The year 1141 brought a decisive event in the life of the new Mistress of the Disibodenberg. When she was "42 years and 7 months of age" - as she herself notes precisely - she fully experienced the breakthrough of what she called her "vision". Since early childhood Hildegard had been gifted with an exceptional intuition. Now she was almost seized by the fire of the Divine Spirit, as a miniature in her first work SCIVIAS tries to depict the situation, and in this light she saw the "living light" ' Not with her physical eyes and ears did she experience this vision, but inwardly with an alert mind, her physical eyes open and outside of all ecstasy. This kind of vision places her in one line with the Old Testament prophets, like them receiving the same instruction: "Write down what you are seeing and hearing!" Only reluctantly Hildegard followed this demand. In 1141 she began writing down her first theological visionary work SCIVIAS, which was finished in 1151. As again and again she was overcome by doubts during this work, she turned to Abbot Bernard of Clairvaux for advice, who first reacted reservedly. Eventually, he supported Hildegard's scriptures of her visions at the synod of Trier in 1147/48 in the presence of Pope Eugene 111. in such a way, that the latter himself, after having examined the texts, read them aloud to the assembled cardinals. Thus he acknowledged the seer, who later was entitled "Prophetissa teutonica", and encouraged her to further scriptures. The monastery of the Disibodenberg, too, may have profited a little from the "splendor" of this papal acknowledgment.
At the same time, the separation of the monks' monastery and the nun's convent was initiated. In 1147, Hildegard decided - despite all difficulties - to leave the Disibodenberg with her nuns - another proof of her inner independence. Various reasons may have motivated her for this decision, the most important one being the lack of space for her growing convent, consisting of 18 nuns by then. In a vision, Hildegard was allocated the site for the new monastery at the confluence of the Rhine and Nahe, where St. Rupertus once had lived as a hermit. Among the patrons, whose donations made possible the building of the monastery on the Rupertsberg, the Count Palatine Hermann of Stahleck is mentioned first in the Rupertsberg foundation book. Between 1147 and 1151 the nuns moved to their new place, and in 11 52, as is documented, the church and the monastery were consecrated.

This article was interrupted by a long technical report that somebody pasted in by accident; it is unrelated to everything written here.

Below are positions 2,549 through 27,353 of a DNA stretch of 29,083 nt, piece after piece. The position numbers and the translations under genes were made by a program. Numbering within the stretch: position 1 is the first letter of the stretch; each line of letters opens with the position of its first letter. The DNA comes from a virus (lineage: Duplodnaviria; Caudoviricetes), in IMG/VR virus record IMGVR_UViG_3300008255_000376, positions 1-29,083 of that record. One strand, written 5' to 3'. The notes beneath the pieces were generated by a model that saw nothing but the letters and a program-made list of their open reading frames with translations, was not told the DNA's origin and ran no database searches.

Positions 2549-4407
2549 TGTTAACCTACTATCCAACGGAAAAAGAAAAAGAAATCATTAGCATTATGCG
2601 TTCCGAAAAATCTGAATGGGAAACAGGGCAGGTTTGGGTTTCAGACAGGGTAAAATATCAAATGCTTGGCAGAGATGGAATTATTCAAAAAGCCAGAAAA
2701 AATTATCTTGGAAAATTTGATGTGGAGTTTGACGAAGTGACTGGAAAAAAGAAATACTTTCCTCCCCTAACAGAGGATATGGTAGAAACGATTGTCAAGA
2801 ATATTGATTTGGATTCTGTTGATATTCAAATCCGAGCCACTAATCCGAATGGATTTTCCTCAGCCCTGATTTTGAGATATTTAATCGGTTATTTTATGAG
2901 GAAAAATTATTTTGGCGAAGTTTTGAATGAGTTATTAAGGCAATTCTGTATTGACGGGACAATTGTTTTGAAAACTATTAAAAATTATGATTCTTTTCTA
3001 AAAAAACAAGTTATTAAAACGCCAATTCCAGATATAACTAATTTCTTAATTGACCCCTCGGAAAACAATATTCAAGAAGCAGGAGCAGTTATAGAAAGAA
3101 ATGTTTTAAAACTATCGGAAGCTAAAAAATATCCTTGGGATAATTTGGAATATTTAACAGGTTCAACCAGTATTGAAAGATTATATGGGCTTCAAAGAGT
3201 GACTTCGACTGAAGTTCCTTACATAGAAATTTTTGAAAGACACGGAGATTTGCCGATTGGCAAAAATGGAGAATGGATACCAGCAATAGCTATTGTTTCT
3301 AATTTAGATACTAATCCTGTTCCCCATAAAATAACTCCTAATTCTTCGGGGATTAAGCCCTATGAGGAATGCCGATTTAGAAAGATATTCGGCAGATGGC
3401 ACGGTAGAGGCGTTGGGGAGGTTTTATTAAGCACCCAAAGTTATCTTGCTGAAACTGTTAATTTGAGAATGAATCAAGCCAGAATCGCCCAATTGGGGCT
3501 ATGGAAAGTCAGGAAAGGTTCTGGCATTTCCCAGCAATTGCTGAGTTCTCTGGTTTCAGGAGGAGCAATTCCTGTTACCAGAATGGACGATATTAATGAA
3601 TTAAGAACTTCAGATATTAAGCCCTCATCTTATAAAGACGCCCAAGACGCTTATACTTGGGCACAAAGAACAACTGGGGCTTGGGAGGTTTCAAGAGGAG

Gable of the hospital, guesthouse, erected after 1400.
Keystone of the chapel of St. Mary, Christ.
To be seen in the museum of the Winery Convent of Disibodenberg.
At Hildegard's departure from the Disibodenberg, first signs of decadence may have become apparent in the monks' convent. When they lead to the decline the Archbishop of Mainz entrusted the convent together with its property to the Cistercians, who could hold out for approximately 300 years. In 1559, the final decline was sealed which could not be undone anymore in spite of many attempts of revival. From the middle of the 18th century the destruction of the buildings began, which first served as a quarry until the grounds were passed over into private hands.
The present private proprietor, Ehrengard Baroness of Racknitz, née Countess of Hohenthal, transferred the former grounds of the convent into a foundation on May 21st, 1989. The SCIVIAS-Foundation of Disibodenberg endeavors to obtain further research programs and the preservation and protection of the ruins as witnesses of a thousand-year-long Christian tradition.
Sr. Teresa Tromberend OSB